• Equities: 60% – Most of the portfolio will be allocated to equities, as they have the potential for higher returns over the long term. This allocation will be diversified between domestic and international stocks, focusing on index and exchange-traded funds (ETFs) to provide broad market exposure.
  • Bonds: 20% – A significant portion of the portfolio will be allocated to bonds and other fixed-income securities. This allocation will provide stability and income to the portfolio while also helping to mitigate the risk of a downturn in the equity market. This allocation can be made of a mix of short, intermediate and long-term bonds to help preserve the portfolio’s value as interest rates fluctuate.
  • Real Estate Investment Trusts (REITs): 10% – A small allocation to REITs will provide exposure to the real estate market, which has the potential for higher returns and diversification benefits.
  • Cash: 10% – A small allocation to cash will provide liquidity for the portfolio, allowing for flexibility in the event of unexpected expenses or opportunities.

Analysis and Implications

As a financial adviser, it is critical to consider any consequences and dangers that can influence the client’s investment portfolio. The possible influence of changes in monetary and regulatory policies on the portfolio’s performance is one of the crucial factors to consider. In this section, we will go through some of the critical areas of analysis and ramifications that should be considered while creating an investment strategy.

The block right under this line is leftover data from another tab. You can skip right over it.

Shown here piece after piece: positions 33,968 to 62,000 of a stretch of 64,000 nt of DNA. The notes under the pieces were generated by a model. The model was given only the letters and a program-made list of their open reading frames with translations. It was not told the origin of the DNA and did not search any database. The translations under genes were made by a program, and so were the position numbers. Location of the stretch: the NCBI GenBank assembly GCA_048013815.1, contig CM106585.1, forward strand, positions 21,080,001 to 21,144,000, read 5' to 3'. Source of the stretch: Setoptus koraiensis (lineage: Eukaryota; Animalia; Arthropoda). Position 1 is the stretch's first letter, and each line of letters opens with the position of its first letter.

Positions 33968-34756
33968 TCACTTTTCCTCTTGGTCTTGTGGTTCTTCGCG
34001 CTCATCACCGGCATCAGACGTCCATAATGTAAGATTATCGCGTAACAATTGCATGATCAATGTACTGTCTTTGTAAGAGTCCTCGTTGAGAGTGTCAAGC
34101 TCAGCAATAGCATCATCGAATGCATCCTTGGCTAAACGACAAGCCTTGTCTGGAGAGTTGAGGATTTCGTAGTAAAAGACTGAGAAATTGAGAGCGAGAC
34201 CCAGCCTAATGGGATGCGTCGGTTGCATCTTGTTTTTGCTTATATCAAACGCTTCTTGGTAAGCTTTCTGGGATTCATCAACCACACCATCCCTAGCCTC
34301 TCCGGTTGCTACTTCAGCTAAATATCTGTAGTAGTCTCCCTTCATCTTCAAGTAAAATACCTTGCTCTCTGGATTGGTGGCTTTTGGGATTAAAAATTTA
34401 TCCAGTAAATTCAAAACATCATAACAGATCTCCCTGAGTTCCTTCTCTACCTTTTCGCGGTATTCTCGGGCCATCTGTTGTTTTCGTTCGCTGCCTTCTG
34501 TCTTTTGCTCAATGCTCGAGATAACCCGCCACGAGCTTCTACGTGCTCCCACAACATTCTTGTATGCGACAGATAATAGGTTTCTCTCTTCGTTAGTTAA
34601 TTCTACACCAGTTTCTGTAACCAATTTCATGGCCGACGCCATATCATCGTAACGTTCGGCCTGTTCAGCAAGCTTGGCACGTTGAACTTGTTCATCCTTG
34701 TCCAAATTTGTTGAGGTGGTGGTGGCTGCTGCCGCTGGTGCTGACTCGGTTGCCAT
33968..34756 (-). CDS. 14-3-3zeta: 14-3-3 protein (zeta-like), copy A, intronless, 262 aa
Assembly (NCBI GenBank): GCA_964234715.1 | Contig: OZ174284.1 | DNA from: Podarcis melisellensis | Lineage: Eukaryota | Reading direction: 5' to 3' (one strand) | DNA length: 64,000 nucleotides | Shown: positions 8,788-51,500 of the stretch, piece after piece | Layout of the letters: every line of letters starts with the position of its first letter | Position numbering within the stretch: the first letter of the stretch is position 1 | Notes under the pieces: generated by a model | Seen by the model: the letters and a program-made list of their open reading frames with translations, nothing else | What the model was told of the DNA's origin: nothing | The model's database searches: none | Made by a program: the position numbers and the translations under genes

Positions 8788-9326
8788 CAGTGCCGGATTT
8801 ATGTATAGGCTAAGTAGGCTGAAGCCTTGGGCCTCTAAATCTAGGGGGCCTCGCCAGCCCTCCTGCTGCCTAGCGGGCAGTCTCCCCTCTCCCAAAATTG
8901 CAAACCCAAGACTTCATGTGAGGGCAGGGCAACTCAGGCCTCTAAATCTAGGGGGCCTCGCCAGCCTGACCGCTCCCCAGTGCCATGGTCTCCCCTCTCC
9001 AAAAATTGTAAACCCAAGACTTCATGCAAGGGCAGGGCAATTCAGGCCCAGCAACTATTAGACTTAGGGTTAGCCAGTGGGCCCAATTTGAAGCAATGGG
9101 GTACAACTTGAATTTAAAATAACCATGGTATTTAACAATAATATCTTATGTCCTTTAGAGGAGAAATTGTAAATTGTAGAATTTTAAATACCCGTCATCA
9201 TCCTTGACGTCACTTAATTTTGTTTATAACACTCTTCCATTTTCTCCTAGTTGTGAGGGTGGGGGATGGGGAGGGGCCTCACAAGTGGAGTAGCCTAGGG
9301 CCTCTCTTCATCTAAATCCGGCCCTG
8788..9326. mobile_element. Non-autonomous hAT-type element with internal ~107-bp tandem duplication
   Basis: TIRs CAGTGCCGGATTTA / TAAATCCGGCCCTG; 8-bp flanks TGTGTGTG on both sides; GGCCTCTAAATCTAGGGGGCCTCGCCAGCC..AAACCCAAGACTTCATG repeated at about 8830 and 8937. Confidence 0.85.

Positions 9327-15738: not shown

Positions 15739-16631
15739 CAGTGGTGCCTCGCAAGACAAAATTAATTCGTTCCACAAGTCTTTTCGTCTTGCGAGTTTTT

Economical variables: The economy has a significant impact on how investments perform since changes in the gross domestic product (GDP), inflation, and interest rates all affect the price of stocks and bonds (Huawei, 2022). For instance, a recession may result in lower corporate earnings and slower economic development, which may harm the stock market, while inflation may cause bonds’ value to decline. As a result, it is crucial to keep an eye on economic indicators and be ready to adjust the portfolio as needed to safeguard the client’s interests.

Interest rates: Because they affect the performance of both bonds and stocks, interest rates are crucial. Bond prices typically decline when interest rates increase, and equities may also be impacted if higher borrowing costs for corporations impact their earnings and dividends. As a result, it is crucial to keep an eye on interest rate developments and be ready to adjust the portfolio as needed to safeguard the client’s money.